The manufacturing sector emerged as the hardest hit by cyberattacks during the first half of 2017, with one in every three industrial cyberattacks carried out against industrial control system (ICS) computers, says global cybersecurity firm Kaspersky Lab critical infrastructure defence head Evgeny Goncharov.
The ‘Threat Landscape for Industrial Automation Systems’ report notes that Kaspersky Lab cybersecurity products blocked attack attempts on 37.6% of ICS computers during the first half of 2017, following the receipt of anonymised information from tens of thousands of ICS computers.
This represents a marginal 1.6% dip, compared with the second half of 2016. The majority of the ICS computers were in manufacturing companies that produce various materials, equipment and goods, says Goncharov.
Other highly affected industries include engineering, education and food and beverage. ICS computers in energy companies accounted for almost 5% of all industrial cyberattacks. Attempts to download malware or access known malicious or phishing Web-resources were blocked on 20.4% of ICS computers.
The reason for the high numbers of this type of infection is the result of the interfaces between corporate and industrial networks, availability of limited Internet access from industrial networks and connection of computers on industrial networks to the Internet through mobile phone operators’ networks, Goncharov explains.
In total, Kaspersky Lab detected about 18 000 different modifications of malware – belonging to more than 2 500 different malware families – on industrial automation systems in the first six months of 2017.
“During the first half of the year, the world faced a ransomware epidemic, which also affected industrial companies. Based on the research from the Kaspersky Lab ICS Cyber Emergency Response Team (CERT), the number of unique ICS computers attacked by encryption Trojans increased significantly and had tripled by June.”
In order to protect the ICS environment from possible cyberattacks, the Kaspersky Lab ICS CERT recommends that industrial companies take an inventory of running network services, with special emphasis on services that provide remote access to file system objects.
Further, they should verify the security of remote access to the industrial network as a minimum, and reduce or completely eliminate the use of remote administration tools as a maximum, and keep endpoint security solutions up-to-date.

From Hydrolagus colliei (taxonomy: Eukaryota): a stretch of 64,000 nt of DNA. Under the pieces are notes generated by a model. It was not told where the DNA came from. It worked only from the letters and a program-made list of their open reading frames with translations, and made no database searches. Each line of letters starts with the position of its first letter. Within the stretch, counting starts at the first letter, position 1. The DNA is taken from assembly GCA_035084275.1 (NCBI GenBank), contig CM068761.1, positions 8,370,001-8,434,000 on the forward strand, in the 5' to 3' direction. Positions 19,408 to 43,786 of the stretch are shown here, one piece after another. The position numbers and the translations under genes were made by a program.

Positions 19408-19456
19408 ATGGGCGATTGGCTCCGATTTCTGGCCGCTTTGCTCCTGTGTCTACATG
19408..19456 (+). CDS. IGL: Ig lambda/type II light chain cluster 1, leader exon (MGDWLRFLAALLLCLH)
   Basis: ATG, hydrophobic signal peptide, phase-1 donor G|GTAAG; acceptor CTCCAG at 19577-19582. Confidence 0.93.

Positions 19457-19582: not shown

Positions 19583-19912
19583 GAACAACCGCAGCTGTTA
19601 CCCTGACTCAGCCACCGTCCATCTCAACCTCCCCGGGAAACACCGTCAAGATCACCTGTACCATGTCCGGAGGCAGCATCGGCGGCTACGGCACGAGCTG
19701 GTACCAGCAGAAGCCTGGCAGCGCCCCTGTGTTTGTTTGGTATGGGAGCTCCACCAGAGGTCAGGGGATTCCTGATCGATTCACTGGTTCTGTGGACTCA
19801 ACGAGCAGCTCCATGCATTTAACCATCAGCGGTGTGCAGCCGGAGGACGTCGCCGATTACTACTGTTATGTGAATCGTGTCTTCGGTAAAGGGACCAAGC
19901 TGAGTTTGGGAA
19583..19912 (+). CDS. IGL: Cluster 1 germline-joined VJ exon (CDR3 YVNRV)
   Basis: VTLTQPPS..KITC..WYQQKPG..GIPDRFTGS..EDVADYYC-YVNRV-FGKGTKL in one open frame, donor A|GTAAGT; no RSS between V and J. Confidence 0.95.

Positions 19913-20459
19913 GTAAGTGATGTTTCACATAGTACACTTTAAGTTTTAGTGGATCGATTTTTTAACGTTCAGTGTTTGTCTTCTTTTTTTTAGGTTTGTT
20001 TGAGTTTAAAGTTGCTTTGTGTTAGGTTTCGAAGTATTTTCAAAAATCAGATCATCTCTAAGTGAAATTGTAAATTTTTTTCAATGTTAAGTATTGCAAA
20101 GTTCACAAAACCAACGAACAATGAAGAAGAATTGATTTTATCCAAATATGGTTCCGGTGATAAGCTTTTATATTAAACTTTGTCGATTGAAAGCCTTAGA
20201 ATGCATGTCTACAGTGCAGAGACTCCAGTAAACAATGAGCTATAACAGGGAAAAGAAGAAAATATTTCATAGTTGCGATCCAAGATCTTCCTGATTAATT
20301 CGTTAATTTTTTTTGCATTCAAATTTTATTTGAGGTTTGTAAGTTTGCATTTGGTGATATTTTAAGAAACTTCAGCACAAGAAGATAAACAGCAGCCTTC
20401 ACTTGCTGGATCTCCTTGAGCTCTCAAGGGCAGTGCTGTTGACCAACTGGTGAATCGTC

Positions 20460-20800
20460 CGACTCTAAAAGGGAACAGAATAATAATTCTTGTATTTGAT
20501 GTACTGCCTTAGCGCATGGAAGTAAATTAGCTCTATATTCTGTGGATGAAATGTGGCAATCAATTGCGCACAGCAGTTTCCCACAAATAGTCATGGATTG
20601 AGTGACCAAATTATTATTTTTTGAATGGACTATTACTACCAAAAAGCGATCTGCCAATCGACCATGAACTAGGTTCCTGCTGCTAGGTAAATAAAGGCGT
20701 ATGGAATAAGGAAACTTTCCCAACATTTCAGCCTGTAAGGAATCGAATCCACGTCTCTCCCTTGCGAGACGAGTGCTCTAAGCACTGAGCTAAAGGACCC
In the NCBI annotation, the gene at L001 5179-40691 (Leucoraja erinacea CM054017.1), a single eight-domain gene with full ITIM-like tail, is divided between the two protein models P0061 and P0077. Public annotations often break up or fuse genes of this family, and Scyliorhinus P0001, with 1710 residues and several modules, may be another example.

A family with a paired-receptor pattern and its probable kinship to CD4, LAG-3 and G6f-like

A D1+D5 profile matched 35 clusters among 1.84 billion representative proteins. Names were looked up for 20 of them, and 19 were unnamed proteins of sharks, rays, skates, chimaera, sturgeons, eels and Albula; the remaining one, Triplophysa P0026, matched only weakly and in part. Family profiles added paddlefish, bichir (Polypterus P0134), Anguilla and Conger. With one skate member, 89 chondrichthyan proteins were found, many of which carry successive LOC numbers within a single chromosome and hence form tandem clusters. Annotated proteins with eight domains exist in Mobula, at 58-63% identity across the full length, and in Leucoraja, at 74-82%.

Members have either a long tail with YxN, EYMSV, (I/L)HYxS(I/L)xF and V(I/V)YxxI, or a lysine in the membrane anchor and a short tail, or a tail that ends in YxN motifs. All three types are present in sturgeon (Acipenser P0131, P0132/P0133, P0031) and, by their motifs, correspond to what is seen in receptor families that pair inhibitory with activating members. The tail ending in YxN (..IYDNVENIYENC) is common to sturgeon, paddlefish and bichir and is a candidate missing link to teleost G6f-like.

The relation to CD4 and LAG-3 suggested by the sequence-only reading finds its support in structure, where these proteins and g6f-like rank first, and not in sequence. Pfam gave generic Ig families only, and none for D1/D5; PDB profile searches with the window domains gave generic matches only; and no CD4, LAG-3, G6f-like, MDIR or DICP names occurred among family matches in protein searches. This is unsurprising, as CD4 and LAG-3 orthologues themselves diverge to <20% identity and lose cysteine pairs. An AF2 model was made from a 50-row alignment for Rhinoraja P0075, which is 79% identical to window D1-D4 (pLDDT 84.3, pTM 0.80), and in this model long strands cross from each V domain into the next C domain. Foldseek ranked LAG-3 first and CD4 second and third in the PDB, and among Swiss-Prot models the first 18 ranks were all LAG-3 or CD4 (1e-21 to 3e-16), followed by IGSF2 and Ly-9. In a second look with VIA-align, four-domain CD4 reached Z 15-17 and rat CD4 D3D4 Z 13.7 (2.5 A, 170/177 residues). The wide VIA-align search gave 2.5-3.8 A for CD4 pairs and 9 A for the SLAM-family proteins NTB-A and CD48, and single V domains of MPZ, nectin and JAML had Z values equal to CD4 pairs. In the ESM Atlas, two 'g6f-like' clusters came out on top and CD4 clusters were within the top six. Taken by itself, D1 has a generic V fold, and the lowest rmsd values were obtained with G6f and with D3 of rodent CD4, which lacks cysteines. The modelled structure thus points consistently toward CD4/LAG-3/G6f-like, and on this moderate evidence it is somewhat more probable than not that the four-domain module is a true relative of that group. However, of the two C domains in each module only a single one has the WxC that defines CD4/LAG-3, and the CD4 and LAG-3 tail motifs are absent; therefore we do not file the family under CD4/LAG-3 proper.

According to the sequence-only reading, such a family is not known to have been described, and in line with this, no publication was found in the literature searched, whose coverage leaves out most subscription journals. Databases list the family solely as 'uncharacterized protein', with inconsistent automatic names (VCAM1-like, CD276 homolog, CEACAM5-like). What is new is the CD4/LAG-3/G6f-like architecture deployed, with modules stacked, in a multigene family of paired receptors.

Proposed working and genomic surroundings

They should also audit ICS component access isolation, the network activity in the enterprise’s industrial network and at its boundaries, and policies and practices related to using removable media and portable devices.
Additionally, the CERT recommends that industrial firms use advanced methods of protection. For example, companies should deploy tools that provide network traffic monitoring and the detection of cyberattacks on industrial networks.
Overall, experts discovered encryption ransomware belonging to 33 different families. Most of the encryption Trojans were distributed through spam emails disguised as part of the business communication, with either malicious attachments or links to malware downloaders embedded within the communication.
Further, ExPetr was a notorious encryption ransomware campaign from the first half of the year, with at least 50% of the companies attacked being from manufacturing and the oil and gas industries.
“In the first half of the year, we saw how weakly protected industrial systems are. Almost all the affected industrial computers were infected accidentally and as the result of attacks targeted initially at home users and corporate networks.
“The WannaCry and ExPetr destructive ransomware attacks disrupted enterprise production cycles around the world, caused logistical failures and forced downtime in the work of medical institutions.
“The results of such attacks can provoke intruders into further actions. Since we are already late with preventive measures, companies should think about proactive protective measures now to avoid ‘firefighting’ in future,” Goncharov stresses.